A building owner found guilty of missing a deadline to remove unsafe cladding has been ordered to pay a total of £60,000.
Chaplair Limited was successfully prosecuted on 18 October by Newham Council over delays in remediating a building in East London.
On Tuesday (31 October) the company was handed a £30,000 fine, ordered to pay £30,000 in costs and given a £190 victim surcharge, in a sentencing hearing at City of London Magistrates Court.
Imposing the fine, deputy chief magistrate Tan Ikram said that the cladding was highly dangerous and that Chaplair had not taken the risk it posed seriously enough.
He acknowledged, however, that the failure came in the wake of “evolving” government policy and at a difficult time as the country emerged from the Covid pandemic.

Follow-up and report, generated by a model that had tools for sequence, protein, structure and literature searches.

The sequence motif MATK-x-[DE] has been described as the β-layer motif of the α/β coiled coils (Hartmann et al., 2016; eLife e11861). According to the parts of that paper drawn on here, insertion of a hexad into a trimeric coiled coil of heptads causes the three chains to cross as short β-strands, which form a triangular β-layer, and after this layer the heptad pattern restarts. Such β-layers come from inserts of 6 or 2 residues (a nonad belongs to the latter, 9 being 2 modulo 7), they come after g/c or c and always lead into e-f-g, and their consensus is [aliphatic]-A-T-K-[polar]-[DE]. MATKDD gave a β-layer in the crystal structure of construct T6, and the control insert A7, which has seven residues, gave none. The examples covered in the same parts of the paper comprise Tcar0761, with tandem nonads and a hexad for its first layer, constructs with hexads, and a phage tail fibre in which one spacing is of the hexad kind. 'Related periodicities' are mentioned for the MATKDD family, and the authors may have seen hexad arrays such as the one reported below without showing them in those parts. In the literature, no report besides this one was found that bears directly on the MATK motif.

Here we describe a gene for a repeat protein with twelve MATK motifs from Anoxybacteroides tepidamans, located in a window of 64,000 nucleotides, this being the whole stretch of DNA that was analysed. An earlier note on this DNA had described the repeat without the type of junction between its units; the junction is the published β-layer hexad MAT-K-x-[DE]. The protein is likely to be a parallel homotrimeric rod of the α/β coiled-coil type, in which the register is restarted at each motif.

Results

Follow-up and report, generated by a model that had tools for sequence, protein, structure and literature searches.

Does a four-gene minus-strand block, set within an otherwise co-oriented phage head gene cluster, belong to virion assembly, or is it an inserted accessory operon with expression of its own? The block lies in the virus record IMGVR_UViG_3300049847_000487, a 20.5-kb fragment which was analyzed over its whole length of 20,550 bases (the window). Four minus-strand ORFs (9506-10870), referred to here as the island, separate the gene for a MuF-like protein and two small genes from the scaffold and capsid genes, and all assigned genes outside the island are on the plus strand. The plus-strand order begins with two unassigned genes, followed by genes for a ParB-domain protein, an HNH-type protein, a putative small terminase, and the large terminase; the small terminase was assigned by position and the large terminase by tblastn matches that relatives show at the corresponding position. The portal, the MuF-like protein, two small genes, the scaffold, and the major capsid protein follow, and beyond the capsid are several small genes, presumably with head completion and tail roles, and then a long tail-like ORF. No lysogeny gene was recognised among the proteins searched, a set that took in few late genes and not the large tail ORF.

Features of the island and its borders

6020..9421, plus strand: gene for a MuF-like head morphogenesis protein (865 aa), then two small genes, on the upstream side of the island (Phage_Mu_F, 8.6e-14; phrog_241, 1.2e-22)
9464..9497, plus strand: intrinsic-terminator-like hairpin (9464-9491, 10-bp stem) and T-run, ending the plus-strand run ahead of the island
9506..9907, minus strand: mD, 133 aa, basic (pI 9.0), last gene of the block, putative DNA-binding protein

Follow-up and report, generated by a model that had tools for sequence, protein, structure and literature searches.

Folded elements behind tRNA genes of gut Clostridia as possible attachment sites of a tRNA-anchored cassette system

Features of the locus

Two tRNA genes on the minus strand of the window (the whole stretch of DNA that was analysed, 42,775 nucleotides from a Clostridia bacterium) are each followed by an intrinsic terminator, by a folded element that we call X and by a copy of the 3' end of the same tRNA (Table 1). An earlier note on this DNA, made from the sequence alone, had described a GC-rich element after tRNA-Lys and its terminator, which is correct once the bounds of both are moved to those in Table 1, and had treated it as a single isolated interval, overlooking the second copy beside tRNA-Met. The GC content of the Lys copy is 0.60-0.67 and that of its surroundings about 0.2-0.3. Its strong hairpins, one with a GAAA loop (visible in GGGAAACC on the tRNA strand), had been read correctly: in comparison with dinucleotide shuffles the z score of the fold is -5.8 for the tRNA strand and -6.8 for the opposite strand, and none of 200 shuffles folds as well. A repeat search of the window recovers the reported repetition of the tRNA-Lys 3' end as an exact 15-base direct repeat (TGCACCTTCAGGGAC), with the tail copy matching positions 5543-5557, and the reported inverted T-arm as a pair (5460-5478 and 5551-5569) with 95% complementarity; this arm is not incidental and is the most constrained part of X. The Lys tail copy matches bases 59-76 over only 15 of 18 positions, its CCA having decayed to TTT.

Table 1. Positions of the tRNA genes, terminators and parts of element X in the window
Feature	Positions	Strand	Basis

In a statement, Newham mayor Rokhsana Fiaz said the council pursued the case “to make it abundantly clear to building owners in Newham that there can be no exceptions to the safety of our residents living in their properties and the issue of safe cladding remains paramount”.
Fiaz added: “The outcome of this legal case raises the crucial importance of safety standards in the homes people live and is a warning to all housing providers that where appropriate and necessary Newham Council will use all the powers available under existing legislation to make homes safe.”
Newham Council’s legal victory marked the first time a local authority had successfully prosecuted a building owner for failing to remove flammable cladding, using its powers under the Housing Act 2004.
During the prosecution, Ikram said that Chaplair “failed to satisfy me that it has a reasonable excuse in failing to comply with the improvement notice”.
The council issued the firm with the notice in September 2020 to remove dangerous cladding on Lumiere House, a nine-storey block in East London containing 71 flats.
Inspectors found that works had not even started by March 2021, the deadline Chaplair was given to remove the cladding.
Chaplair has been contacted for comment.